YARDWORK IN JUNE, 2011

I DEDICATE this gardening/yardwork post to my late cousin Sue who kept an immaculate home and patio with flower garden in the Dallas, Texas area.  The loving gardening and yardwork effort was rewarded with the community honor of Yard of the Month.  Needless to say, her hospitality was sublime.  Sue was so pretty, with an alluring humble nature, and a voice that engaged your interest.  She will be greatly missed by her husband, caregivers, and three daughters.  She was adored by her granddaughters, and a help to those coming her way.

SUE

Mildred "Sue," Daughter of My Mother's Brother & Wife, Euell & Blanche

In a later post, you may see a couple of attractive young women’s faces from the forties, as were Sue, her sister Lavona, my mother Louise, her sisters Inez and Eunice.  Others of that era were named Dorothy, Tressie, and Blanche.  I enjoy the sound of those names.

1940s People: Ervin & Tressie, Louise & Glenn

Well-tended Side Yard In Hillsboro, Texas, Long Ago

My maternal grandmother loved flowers! This family line enjoys gardening.

 

 

 In the family portrait below, one I have enjoyed viewing through the decades, Sue is the little girl on the right. Her parents Euell and Blanche stand behind her.  Louise and Glenn anchor the other side.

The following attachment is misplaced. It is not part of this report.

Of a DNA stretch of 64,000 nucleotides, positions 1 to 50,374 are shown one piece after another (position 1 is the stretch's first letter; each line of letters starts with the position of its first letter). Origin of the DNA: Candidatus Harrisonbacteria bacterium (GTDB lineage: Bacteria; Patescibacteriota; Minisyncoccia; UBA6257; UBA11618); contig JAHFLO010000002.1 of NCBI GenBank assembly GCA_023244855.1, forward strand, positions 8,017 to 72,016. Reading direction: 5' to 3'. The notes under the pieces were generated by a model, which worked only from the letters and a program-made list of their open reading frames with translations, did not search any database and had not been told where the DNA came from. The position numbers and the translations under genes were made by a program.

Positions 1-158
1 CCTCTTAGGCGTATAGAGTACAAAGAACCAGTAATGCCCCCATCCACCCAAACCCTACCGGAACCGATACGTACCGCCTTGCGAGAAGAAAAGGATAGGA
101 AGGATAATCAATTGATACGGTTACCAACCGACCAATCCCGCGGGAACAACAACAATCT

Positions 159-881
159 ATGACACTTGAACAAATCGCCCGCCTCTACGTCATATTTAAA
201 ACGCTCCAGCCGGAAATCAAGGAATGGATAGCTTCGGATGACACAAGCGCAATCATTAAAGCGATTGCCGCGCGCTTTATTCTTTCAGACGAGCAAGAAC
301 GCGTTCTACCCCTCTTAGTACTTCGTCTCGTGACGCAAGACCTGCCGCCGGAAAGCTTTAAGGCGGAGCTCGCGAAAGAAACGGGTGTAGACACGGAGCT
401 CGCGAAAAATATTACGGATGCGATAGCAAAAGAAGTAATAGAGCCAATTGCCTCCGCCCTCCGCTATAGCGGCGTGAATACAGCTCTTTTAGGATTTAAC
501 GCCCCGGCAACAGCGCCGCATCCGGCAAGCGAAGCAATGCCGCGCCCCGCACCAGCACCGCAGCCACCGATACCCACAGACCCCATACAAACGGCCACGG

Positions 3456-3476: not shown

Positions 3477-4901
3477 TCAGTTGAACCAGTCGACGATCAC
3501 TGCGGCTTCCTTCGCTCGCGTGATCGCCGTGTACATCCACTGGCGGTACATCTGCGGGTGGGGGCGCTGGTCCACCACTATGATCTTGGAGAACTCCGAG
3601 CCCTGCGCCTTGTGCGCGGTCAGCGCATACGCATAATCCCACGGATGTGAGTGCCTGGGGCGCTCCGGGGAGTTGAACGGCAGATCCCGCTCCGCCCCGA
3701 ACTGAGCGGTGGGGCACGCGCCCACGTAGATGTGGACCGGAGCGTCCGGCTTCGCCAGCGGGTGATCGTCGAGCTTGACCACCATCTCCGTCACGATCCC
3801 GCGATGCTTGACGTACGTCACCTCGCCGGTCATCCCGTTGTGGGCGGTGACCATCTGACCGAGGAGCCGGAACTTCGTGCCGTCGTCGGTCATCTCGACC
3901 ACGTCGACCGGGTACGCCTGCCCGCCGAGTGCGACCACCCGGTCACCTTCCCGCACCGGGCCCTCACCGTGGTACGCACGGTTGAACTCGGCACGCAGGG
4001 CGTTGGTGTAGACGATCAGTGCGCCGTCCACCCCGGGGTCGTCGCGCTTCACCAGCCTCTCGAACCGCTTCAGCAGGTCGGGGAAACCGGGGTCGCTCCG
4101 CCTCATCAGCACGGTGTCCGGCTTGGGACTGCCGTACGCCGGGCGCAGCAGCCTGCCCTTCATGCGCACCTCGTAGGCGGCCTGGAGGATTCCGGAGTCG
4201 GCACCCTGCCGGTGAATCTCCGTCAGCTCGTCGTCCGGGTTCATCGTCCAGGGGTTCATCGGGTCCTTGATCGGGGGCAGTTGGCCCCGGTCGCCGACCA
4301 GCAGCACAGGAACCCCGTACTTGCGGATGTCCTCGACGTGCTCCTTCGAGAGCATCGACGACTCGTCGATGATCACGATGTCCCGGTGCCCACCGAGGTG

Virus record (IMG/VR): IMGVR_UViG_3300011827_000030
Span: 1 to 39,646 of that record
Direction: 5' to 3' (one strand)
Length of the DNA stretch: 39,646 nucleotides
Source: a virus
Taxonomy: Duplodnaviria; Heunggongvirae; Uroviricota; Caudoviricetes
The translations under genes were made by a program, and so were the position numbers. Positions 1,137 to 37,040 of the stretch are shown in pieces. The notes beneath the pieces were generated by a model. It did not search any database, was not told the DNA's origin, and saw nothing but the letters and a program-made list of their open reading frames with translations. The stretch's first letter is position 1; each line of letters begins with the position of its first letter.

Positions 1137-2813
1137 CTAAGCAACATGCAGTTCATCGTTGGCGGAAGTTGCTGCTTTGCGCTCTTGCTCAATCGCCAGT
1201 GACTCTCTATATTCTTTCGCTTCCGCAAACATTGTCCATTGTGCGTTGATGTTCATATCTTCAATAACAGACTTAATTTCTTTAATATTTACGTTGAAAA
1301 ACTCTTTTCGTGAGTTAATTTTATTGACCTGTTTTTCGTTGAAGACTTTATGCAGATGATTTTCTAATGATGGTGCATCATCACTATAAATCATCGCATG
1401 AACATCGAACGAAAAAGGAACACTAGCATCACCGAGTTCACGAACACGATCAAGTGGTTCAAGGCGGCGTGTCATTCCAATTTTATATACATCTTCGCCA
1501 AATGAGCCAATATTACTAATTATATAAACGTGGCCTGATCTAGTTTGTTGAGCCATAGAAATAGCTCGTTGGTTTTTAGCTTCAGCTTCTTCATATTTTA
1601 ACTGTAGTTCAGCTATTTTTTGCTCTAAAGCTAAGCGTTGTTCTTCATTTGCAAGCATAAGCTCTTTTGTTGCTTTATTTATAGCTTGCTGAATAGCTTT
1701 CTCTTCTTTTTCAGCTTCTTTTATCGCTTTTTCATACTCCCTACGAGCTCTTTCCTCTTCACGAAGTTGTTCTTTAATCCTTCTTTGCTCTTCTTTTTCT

Ervin & Tressie, Glenn & Louise are also in this shot.

Beulah & Clarence's Family Portrait

 

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Gardening Equipment:  Waterproof Gloves and Ice Water, Covered

Pleasant colors that attract you and good quality in tools, such as pruning shears, help create enjoyment in gardening and yardwork.  Care of property is a good thing.

Consider these words from Ralph Waldo Emerson:

“When I go into the garden with a spade, and I dig a bed,

I feel such an exhilaration and health that I discover

That I have been defrauding myself all this time

In letting others do for me what I should have done with my own hands.”

 

Shovel and Dirt

 

“Garden” by Ralph Waldo Emerson (1803-1882), American, Harvard graduate, authored a book NATURE and other books, sermons and addresses, poems, and more.  An essay “Self-Reliance” is reputed to have once been the most often quoted essay in American literature.  Hmmm . . . does that put him up there at the level of Abraham Lincoln?

GARDEN

Many things the garden shows,

And pleased I stray

From tree to tree

Watching the white pear-bloom,

Bee-infested quince or plum.

I could walk days, years, away

Till the slow ripening, secular tree

Had reached its fruiting-time,

Nor think it long.

Solar insect on the wing

In the garden murmuring,

Soothing with thy summer horn

Swains by winter pinched and worn.

[The end]

 

O N   T H E   S U B J E C T   O F   G O O D N E S S  .  .  .

I have in my blog a desire to express interest in the goodness of the individuals in my family.  Being older and in the memoir stage of life, I see the gentleness of the matrix in which I was fortunate to be reared, so long ago, when the times were slower, more deliberate.

PRESENTATION OF AN EARLY 17TH-CENTURY ESSAY